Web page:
Deploying web applications using Juju on Scaleway

Deploying web applications using Juju on Scaleway


This provider is in “beta” and makes use of manual provisioning. Manual provisioning allows Juju users to implement any cloud provider’s API calls and act similar to a provider implemented in the Juju Core code base. You can access the provider source-code on github

This package provides a CLI plugin for Juju that allows automated provisioning of C1 BareMetal SSD servers on Scaleway.

This plugin is highly inspired from kAPIlt Juju plugin.


This process requires you to have a Scaleway account.


The plugin installation is done via pypi, the Python package manager, available by default on Ubuntu. A virtualenv is also recommended to sandbox this install from your system packages:

pip install -U juju-scaleway


Scaleway API Key

Before you can start using Juju with Scaleway, you need to get an API Key.

API keys are unique identifiers associated with your Scaleway account and consist of an Access Key and a Secret Key. The Secret key is required to authenticate against our API and will only be displayed when you create the API Key. Make sure to take a note of it and to keep it secret.

1 . To create an API Key for your project, click on the Credentials tab of your selected Project dashboard.

2 . Scroll down to the API Key section.

Click on Generate new API Key and a pop-up appears giving you the option of adding the API Key purpose (for internal organization). Click on Generate API Key to proceed.

The Access and Secret Key will show on your screen. Take a note of the Secret Key as it will not be recoverable.

Click OK to conclude.

In a terminal, export your credentials required by the plugin using environment variables:

export SCALEWAY_ACCESS_KEY=your_organization_id
export SCALEWAY_SECRET_KEY=your_secret_key


As environment variables are not shared between shells, you will need to repeat this operation for every shell. You can avoid this repetition by adding this environment variables in your shell’s rc files, for instance append them to your ~/.bashrc or ~/.zshrc

Juju configuration

The next step is to add an environment for Scaleway in your '~/.juju/environments.yaml'. This environment looks like the following:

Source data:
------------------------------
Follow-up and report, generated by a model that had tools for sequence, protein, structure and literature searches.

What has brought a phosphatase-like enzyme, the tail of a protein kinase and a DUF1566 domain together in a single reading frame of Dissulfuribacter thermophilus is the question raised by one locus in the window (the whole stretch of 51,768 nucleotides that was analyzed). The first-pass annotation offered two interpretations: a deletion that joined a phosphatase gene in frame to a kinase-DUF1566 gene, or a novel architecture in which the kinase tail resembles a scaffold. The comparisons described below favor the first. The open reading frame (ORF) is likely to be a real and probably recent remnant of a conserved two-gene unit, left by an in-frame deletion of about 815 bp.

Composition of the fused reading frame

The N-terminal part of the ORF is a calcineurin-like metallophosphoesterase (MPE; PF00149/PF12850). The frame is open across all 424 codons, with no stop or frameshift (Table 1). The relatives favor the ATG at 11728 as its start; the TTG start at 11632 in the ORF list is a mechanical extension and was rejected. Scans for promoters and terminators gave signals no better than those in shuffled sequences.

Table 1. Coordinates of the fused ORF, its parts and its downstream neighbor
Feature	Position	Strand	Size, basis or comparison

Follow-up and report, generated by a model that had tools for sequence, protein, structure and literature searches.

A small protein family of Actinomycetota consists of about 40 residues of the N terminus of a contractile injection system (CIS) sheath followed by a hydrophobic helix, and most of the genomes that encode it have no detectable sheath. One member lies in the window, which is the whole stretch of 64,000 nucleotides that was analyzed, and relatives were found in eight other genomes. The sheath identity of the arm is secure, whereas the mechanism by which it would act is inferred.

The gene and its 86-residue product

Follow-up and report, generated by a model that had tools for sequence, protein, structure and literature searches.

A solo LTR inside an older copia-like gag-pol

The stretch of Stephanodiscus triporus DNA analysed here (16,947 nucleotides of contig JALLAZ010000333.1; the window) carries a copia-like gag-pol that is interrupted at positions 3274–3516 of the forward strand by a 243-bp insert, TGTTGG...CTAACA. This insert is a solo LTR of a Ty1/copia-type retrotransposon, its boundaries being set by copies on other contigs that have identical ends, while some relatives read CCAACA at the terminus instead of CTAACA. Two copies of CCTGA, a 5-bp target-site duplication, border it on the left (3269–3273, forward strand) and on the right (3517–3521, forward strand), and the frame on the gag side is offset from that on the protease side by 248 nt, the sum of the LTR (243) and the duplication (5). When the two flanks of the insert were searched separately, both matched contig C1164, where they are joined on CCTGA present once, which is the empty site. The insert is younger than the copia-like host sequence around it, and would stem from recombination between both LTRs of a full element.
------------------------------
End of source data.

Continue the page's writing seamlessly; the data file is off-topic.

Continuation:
type: manual
        bootstrap-host: null
        bootstrap-user: root

Then, you have to tell Juju which environment to use. To do this, in a terminal use the following command:

export JUJU_ENV=scaleway

To set Scaleway as your default provider, run the following command in your terminal:

juju switch scaleway


Now you can bootstrap your Scaleway environment. You need to route the command through the scaleway plugin that we installed via pip.

juju scaleway bootstrap

All machines created by this plugin will have the Juju environment name as a prefix for their servers name, for instance scaleway-XXXYYYZZZ

After your environment is bootstrapped you can add additional machines to it via the add-machine command, for instance the following will add 2 additional machines:

juju scaleway add-machine -n 2
juju status

You can now use standard Juju commands to deploy service workloads (also known as charms):

juju deploy wordpress

If you don’t specify a machine to place the workload on, the machine will automatically go to an unused machine within the environment.

You can use manual placement to deploy target particular machines:

juju deploy mysql --to=2

This command deploys a MySQL unit to the server number #2.

Assemble these workloads together via relations like lego blocks:

juju add-relation wordpress mysql

You can list all machines in Scaleway that are part of the Juju environment with the list-machines command. This directly queries the Scaleway API and does not interact with the Juju API.

juju scaleway list-machines

Id       Name               Status   Created      Address
6222349  scaleway-0            active   2014-11-25
6342360  scaleway-ef19ad5cc... active   2014-11-25
2224321  scaleway-145bf7a80... active   2014-11-25

You can terminate allocated machines via their machine id. By default, the Scaleway plugin forces the terminatiom of machines, which also terminates any service unit running on on those machines:

juju scaleway terminate-machine 1 2

And you can destroy the entire environment via:

juju scaleway destroy-environment

destroy-environment also takes a –force option which only uses the Scaleway API. It’s helpful if the state server or other machines are killed independently of Juju.

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